“Poets are always taking the weather so personally. They’re always sticking their emotions in things that have no emotions” -JD Salinger
I’m hesitant to call myself a poet, although I write poetry quite a bit, so I suppose I am one. But anyway, I was just thinking about how the great thing about studying at a school where it gets awful cold in the winter is that you live inside a magic world of quiet and power.
To walk across a bleak landscape with a seemingly arctic wind blowing the snow in a sheet is to feel wrapped up in a great battle. I suppose it’s rather sublime. The battle of human survival against nature at her harshest. The battle of knowledge against a void. The battle of love and friendship and bliss against the same. It’s hard to stand at the edge of that snow blown field and not feel a certain magnificence.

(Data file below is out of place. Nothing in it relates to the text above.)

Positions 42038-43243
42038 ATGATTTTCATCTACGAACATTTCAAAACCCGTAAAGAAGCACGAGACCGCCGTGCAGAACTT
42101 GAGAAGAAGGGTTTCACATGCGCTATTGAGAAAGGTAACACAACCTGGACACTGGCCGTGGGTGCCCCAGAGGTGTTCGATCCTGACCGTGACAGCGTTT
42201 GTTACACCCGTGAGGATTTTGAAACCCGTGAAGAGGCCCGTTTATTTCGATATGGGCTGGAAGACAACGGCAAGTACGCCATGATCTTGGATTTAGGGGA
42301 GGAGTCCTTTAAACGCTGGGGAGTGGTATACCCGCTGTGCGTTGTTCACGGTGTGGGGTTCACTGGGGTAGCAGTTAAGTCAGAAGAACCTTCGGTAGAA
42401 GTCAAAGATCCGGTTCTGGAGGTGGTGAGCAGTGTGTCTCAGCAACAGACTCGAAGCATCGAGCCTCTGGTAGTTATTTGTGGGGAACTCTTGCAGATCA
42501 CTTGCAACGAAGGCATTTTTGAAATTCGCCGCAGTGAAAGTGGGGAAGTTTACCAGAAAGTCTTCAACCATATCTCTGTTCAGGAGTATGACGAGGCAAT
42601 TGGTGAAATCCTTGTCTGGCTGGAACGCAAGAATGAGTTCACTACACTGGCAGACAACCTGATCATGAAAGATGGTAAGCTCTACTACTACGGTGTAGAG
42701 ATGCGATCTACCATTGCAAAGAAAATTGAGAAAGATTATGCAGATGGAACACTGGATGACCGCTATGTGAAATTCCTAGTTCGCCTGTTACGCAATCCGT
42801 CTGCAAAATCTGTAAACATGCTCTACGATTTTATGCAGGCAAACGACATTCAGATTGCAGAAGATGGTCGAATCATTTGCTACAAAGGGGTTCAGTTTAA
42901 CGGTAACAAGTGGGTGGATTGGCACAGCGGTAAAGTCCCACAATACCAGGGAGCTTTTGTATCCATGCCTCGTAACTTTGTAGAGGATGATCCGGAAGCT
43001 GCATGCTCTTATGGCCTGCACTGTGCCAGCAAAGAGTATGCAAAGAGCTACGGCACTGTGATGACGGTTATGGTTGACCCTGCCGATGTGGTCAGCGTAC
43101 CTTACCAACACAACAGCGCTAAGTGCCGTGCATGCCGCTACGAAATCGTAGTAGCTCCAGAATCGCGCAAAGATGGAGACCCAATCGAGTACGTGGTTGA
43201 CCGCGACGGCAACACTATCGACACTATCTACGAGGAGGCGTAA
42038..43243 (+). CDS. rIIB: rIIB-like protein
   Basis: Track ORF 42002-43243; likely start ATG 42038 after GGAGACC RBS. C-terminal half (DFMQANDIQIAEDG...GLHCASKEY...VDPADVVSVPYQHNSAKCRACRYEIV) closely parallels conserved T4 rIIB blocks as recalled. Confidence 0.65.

Here I worry about the lack of that.
I’ve always said that I would not do so well in a school with warm weather close to the ocean. Strong sunshine that sparkles off the water and warms on your skin is not for dense academia. It’s for meandering thoughts and easy bliss. It’s for drifting, in the most pleasant way. It’s soft. It’s becoming enamoured with carnal desires and it’s lying on rooftops.
But I worry that this wet, moderate sort of climate will not bring out the deepest depths of thought either. To me, rain is indulging in warm blankets and naps and caloric, cheese-heavy meals. It lacks the sublimity that I do think added a sort of great-battle aspect to my undergraduate career and pushed me and inspired me. I hope I can find inspiration in a different sort of nature here, where there are no snow-capped mountains to pass at sunrise nor evergreens lining every path, reminding me that quiet persistence is not something to underestimate.